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I was reading Arnold's Mathematical Methods of Classical Mechanics.

In it he speaks of "Newton's Principle of Determinacy". He says for a mechanical system (collection of point masses in 3D Euclidean Space), it's future is uniquely determined by providing all the positions and velocities of the points.

He adds that we can imagine a world in which we would also need to know the acceleration, but from experience we can see that in our world this is not the case.

It is not clear to me that you don't need to know the accelerations of each particle too.

I am told this has something to do with the fact that the equation for motion is a 2nd order ODE, and so from a mathematical point of view, it can be seen that positions and velocities give all information.

Yet I am wondering if someone can explain why we don't need to know accelerations from a intuitively physical point of view based on our personal experiences, as Arnold alluded to.

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  • $\begingroup$ Related physics.stackexchange.com/q/18588/2451 and links therein. $\endgroup$
    – Qmechanic
    May 30, 2018 at 10:39
  • $\begingroup$ In newtons model the only accelerations are caused collisions and gravity both of which can be calculated at a given instant with the gravitational constant of the universe and the positions of all the particles. simply knowing the initial acceleration is unneeded. besides acceleration changes over time anyway so knowing the initial acceleration is kinda pointless. $\endgroup$
    – Ummdustry
    May 30, 2018 at 11:07
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  • $\begingroup$ Good question but it has been asked and answered many times on this site. I think you need to justify why your question is different, or why the other answers are not satisfactory. $\endgroup$ May 30, 2018 at 14:14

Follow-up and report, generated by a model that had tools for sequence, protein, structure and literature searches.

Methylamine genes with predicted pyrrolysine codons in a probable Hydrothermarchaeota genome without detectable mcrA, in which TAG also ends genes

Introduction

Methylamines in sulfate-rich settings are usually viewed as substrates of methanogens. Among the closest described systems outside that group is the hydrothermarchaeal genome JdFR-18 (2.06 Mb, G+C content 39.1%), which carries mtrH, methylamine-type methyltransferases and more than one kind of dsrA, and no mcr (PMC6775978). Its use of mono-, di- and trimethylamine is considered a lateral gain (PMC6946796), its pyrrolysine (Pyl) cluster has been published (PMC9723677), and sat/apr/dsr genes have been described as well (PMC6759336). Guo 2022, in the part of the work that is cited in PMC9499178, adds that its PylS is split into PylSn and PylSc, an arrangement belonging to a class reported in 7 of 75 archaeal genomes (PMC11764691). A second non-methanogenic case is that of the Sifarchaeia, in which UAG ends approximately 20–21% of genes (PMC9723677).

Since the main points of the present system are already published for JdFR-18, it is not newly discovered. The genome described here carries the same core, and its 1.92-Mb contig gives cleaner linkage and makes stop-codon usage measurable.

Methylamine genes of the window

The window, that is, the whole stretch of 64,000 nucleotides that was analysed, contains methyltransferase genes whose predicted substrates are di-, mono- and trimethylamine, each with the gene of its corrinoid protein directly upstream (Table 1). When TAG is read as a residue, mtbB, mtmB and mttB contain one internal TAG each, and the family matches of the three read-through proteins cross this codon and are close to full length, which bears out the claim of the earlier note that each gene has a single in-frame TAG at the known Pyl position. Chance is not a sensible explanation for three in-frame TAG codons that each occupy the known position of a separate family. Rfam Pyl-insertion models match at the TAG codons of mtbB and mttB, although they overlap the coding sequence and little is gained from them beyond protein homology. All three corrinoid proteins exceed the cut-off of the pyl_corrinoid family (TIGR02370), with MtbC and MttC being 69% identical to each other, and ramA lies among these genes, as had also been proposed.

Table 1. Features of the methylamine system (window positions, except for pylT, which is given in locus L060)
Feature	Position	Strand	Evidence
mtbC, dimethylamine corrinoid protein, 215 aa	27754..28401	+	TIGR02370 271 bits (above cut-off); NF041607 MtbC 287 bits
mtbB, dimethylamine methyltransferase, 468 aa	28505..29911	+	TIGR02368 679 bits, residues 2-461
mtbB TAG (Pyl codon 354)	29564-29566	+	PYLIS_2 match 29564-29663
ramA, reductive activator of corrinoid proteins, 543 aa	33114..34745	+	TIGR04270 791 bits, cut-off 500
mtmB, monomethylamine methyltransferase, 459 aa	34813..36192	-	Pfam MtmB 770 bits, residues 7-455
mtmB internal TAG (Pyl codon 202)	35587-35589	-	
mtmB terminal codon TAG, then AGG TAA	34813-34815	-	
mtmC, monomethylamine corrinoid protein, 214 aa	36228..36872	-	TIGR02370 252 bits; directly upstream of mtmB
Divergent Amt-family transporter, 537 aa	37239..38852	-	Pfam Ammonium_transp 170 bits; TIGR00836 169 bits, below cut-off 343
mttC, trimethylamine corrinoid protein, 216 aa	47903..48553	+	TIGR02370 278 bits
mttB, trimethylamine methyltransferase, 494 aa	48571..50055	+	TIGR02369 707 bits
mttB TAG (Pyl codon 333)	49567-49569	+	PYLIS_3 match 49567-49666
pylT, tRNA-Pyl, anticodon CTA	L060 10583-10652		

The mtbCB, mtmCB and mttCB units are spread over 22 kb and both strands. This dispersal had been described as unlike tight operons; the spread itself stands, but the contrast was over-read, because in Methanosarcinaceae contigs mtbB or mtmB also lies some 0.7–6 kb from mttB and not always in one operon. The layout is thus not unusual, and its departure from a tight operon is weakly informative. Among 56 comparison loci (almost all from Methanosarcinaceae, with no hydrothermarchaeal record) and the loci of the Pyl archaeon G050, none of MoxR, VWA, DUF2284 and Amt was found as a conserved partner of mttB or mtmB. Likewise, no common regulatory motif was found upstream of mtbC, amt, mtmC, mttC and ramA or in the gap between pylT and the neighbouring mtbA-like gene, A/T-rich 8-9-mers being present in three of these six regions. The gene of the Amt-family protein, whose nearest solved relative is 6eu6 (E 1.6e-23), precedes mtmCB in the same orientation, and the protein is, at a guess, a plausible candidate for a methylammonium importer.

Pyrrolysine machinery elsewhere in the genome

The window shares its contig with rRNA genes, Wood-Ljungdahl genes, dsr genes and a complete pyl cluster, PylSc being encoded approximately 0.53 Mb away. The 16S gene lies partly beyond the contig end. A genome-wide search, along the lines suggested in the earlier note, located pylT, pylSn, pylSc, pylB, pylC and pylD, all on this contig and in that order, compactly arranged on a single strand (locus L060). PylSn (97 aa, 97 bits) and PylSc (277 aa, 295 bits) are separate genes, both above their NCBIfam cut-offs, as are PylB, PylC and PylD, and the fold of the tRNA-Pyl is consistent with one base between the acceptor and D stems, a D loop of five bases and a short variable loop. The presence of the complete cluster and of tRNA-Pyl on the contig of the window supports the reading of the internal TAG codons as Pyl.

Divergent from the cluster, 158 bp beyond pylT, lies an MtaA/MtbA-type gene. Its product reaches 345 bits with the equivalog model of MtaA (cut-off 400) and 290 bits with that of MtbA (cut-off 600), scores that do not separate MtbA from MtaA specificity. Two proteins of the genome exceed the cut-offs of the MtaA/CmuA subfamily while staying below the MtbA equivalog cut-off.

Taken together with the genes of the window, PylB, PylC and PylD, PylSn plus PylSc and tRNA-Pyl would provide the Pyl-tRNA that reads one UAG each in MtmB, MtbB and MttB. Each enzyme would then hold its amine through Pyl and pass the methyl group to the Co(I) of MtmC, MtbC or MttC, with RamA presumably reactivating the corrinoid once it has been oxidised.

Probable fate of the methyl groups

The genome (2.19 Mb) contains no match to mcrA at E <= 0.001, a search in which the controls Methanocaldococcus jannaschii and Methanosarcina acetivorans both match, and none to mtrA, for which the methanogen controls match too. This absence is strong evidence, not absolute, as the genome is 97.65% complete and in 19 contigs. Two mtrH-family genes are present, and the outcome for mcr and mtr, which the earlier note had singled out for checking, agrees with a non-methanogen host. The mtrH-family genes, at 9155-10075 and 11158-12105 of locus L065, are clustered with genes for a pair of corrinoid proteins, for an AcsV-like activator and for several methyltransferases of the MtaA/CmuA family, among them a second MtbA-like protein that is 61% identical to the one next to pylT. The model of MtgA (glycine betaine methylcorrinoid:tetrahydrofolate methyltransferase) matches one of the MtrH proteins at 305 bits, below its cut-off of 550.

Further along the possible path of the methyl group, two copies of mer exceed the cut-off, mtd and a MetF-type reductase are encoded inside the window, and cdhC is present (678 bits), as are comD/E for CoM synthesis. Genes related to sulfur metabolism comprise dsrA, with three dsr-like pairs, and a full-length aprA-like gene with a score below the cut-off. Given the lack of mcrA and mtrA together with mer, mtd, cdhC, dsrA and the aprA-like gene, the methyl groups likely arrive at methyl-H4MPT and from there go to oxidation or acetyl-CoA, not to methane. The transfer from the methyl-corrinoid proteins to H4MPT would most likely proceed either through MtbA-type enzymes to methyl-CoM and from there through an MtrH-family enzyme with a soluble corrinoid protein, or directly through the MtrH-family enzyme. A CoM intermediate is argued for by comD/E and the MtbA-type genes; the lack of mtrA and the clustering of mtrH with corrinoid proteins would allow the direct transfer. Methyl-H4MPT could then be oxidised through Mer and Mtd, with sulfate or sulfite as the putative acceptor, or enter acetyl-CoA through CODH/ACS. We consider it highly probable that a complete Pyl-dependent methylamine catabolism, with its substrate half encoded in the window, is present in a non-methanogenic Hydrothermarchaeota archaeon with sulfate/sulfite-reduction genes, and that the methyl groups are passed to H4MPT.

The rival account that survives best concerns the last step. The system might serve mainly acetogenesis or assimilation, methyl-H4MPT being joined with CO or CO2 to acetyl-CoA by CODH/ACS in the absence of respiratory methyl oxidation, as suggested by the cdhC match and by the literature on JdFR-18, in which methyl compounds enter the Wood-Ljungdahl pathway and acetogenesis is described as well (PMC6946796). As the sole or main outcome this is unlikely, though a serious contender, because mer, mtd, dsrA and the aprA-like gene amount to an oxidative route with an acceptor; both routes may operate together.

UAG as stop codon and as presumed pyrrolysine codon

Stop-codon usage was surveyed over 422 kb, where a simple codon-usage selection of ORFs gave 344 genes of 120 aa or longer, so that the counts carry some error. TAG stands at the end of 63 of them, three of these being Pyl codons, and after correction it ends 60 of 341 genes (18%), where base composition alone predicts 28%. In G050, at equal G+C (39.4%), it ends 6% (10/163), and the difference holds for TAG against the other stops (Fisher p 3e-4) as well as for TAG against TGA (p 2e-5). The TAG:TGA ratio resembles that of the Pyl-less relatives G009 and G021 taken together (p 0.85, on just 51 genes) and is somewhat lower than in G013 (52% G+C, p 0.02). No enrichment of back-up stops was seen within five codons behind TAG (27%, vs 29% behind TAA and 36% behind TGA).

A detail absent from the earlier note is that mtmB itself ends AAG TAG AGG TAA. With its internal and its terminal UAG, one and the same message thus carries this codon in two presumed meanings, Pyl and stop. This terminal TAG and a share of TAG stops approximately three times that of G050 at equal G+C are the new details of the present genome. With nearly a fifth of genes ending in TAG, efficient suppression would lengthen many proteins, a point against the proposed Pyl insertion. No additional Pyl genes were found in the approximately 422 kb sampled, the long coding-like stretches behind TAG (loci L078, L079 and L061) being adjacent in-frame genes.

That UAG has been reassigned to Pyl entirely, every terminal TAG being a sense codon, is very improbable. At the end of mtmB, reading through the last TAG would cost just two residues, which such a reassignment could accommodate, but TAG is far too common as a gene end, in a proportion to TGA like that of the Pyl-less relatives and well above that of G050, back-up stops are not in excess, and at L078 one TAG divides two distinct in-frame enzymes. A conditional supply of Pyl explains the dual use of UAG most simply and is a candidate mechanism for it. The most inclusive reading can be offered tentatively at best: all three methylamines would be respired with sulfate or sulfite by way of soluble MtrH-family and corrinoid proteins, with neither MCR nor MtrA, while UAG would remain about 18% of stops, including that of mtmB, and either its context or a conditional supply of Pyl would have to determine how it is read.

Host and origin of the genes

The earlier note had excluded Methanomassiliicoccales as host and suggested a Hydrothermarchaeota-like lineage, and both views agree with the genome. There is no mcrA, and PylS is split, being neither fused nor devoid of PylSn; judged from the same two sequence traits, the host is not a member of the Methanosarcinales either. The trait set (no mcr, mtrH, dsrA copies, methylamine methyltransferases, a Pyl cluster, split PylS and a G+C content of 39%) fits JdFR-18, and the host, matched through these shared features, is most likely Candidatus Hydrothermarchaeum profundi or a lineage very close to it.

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    $\begingroup$ I think what is tricky about this is that personal experience tells us the exact opposite. It tells us that you must know accelerations. You must know if the car is braking or not. However, those personal experiences are based around not having perfect information. If you knew the position of the drivers' foot, you could determine if they were braking, and if you knew the precise hydraulics of the brake system, you could even determine how hard. Newton is considering a situation with perfect position/velocity information for all particles. $\endgroup$
    – Cort Ammon
    May 30, 2018 at 19:51

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According to Arnold, the statement that says ``we don't need acceleration to predict the future'' is simply an experimental fact. Furthermore, it's said later in Arnold's book that positions and velocities determine the acceleration [see section D (Newton's equations), pp 8].

There is a function $\mathbf{F}:R^N \times R^N \times R \to R^N$ such that $$\mathbf{\ddot{x}} = \mathbf{F}(\mathbf{x,\dot{x},}t).$$ Newton used equation above as the basis of mechanics (Newton's equation).

Now, suppose there are corrections to the equation above including terms of $\dddot{x}, \ddddot{x},...$ and so on. It is possible the show that differential equations with these ``correction terms'' have problems with causality and locality. See, e.g., the discussion in the link: <physics.stackexchange.com/q/18588/2451>

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